Feature

Former Flight Attendant Turns To JetSet Flea Market To Support Family

‘Flying for so many years, the crew members were very resourceful. We have been exposed to things abroad and now we are thinking outside the box’.
01 Jun 2020 14:53
Former Flight Attendant Turns To JetSet Flea Market To Support Family
Samuel Kumar at VotCity/JetSet Flea Markets in Votualevu Nadi. Photo: Waisea Nasokia.

Being a flight attendant for 25 years has contributed to Samuel Kumar’s positive attitude.

The 47-year-old operates a stall at the VotCity/JetSet Flea Markets in Votualevu, Nadi.

He was among the 458 flight attendants whose jobs were terminated by Fiji Airways last week.

Originally from Tavua, the father of three children chose to be a vendor to help support his family.

“Flying for so many years, the crew members were very resourceful. We have been exposed to things abroad and now we are thinking outside the box. At the moment I don’t allow myself to be hindered by the current situation, but find other options for our survival,” Mr Kumar said.

“This is my lifeline. If there was no flea market, I would be packing and go back to Tavua.”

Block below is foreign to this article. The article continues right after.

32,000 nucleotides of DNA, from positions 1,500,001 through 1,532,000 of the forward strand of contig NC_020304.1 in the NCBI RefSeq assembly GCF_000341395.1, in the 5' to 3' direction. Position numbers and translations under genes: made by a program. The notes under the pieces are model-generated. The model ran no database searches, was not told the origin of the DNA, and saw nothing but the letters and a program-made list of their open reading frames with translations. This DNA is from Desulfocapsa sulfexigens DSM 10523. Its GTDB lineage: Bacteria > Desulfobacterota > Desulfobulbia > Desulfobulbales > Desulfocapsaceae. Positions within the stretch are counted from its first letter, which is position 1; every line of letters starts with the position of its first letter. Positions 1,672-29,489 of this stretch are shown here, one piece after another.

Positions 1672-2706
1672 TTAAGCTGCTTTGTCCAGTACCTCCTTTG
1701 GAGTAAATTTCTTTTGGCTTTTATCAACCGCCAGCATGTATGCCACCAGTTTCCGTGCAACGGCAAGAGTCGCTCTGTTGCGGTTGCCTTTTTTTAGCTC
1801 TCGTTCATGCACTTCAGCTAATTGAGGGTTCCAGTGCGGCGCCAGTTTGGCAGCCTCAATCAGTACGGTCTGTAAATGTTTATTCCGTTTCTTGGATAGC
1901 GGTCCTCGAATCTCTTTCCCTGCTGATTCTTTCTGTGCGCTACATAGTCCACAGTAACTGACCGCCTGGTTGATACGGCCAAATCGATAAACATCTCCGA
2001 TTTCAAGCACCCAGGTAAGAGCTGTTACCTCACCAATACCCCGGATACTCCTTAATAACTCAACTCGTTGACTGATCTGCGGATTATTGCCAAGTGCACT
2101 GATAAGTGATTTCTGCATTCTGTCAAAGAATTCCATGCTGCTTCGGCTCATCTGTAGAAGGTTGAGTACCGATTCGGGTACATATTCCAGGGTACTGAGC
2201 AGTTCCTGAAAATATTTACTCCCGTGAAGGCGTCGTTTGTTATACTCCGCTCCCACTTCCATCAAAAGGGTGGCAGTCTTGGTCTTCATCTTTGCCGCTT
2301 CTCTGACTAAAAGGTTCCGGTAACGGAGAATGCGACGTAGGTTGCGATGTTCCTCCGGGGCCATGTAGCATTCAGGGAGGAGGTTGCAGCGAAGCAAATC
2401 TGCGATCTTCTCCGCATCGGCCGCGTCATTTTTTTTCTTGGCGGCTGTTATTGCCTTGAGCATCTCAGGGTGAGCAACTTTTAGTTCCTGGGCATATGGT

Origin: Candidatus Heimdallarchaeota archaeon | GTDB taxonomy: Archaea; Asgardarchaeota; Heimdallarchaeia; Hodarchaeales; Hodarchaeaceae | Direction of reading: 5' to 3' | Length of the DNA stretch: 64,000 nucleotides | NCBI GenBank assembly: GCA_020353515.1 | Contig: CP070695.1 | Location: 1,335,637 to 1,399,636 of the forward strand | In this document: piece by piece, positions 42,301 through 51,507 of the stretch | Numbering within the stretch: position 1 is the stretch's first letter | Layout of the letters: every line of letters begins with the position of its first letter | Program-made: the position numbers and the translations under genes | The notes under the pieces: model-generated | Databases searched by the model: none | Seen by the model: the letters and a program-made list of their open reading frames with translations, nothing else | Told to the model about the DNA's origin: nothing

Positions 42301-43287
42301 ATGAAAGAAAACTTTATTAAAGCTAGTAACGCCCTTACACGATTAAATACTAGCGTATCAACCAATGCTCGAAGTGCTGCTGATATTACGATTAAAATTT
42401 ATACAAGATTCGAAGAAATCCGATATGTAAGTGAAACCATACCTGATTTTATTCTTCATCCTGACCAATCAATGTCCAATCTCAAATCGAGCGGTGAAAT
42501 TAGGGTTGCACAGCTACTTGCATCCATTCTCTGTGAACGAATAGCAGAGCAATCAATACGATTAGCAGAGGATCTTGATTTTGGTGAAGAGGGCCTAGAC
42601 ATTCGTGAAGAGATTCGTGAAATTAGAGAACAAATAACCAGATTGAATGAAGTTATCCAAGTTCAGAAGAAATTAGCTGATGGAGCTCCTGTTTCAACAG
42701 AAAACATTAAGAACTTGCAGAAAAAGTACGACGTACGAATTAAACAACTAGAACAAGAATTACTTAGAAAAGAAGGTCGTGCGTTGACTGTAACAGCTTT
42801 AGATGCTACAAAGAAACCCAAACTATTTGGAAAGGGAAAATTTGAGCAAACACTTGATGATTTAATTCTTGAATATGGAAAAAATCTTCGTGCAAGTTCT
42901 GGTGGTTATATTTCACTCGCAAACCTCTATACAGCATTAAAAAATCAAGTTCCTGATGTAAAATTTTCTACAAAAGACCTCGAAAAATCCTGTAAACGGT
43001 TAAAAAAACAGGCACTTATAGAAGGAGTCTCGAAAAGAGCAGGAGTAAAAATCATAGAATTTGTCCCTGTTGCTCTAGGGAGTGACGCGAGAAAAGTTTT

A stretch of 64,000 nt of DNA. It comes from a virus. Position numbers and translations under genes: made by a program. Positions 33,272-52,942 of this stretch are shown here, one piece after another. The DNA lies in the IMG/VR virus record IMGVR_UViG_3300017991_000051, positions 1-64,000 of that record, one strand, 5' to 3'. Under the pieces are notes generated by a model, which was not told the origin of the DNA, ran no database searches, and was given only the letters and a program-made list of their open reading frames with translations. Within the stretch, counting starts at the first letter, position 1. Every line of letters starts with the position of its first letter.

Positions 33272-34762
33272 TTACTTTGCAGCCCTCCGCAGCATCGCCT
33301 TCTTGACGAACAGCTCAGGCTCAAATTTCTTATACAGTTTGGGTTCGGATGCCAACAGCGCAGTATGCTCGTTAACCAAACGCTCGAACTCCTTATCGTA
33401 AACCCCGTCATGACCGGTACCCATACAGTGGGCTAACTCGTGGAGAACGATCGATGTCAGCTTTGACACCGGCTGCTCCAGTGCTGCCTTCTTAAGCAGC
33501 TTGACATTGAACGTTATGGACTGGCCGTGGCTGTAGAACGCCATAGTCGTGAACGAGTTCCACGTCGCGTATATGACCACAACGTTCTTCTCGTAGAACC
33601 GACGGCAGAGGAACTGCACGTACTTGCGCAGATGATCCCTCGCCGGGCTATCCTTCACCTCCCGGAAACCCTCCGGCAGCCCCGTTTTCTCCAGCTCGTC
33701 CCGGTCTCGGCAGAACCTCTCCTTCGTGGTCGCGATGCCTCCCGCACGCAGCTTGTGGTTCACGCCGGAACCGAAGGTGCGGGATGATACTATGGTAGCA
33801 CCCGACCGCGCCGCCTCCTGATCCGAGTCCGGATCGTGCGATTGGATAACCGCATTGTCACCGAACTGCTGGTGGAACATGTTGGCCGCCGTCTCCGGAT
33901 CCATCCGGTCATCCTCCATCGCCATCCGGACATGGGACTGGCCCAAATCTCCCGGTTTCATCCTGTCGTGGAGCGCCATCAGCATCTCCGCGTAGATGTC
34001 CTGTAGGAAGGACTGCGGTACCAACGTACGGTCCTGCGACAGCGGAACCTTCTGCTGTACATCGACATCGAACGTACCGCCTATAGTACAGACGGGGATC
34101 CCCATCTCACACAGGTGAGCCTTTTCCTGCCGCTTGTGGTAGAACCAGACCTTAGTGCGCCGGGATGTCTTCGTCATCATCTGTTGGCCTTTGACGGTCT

Mr Kumar said his job had contributed a lot of resourceful ideas, which helped sustain him through the crisis.

“What we have learnt in the profession is now put to good use like customer services and food handling where I am selling food as well,” he said.

Mr Kumar said it was a huge relief that all his children were grown-ups.

“I am renting in Nadi and I still have to pay rent and I have big mortgages on my house and my car,” he said.

He has been selling second-hand clothes, Playstation 3 games and food at the flea market for the past three days.

“Everybody has different challenges. For me, I was not pressured compared to the young couples who have been working for a few years. But we were there for each other and we received a lot of encouragement.”

Flea market manager Vili Finau said the idea of a flea market benefited hotel workers and flight attendants who were unemployed because of the crisis.

“This keeps the economy of Nadi alive,” he said.

He thanked the support from the Nadi Town Council.

Edited by Ivamere Nataro

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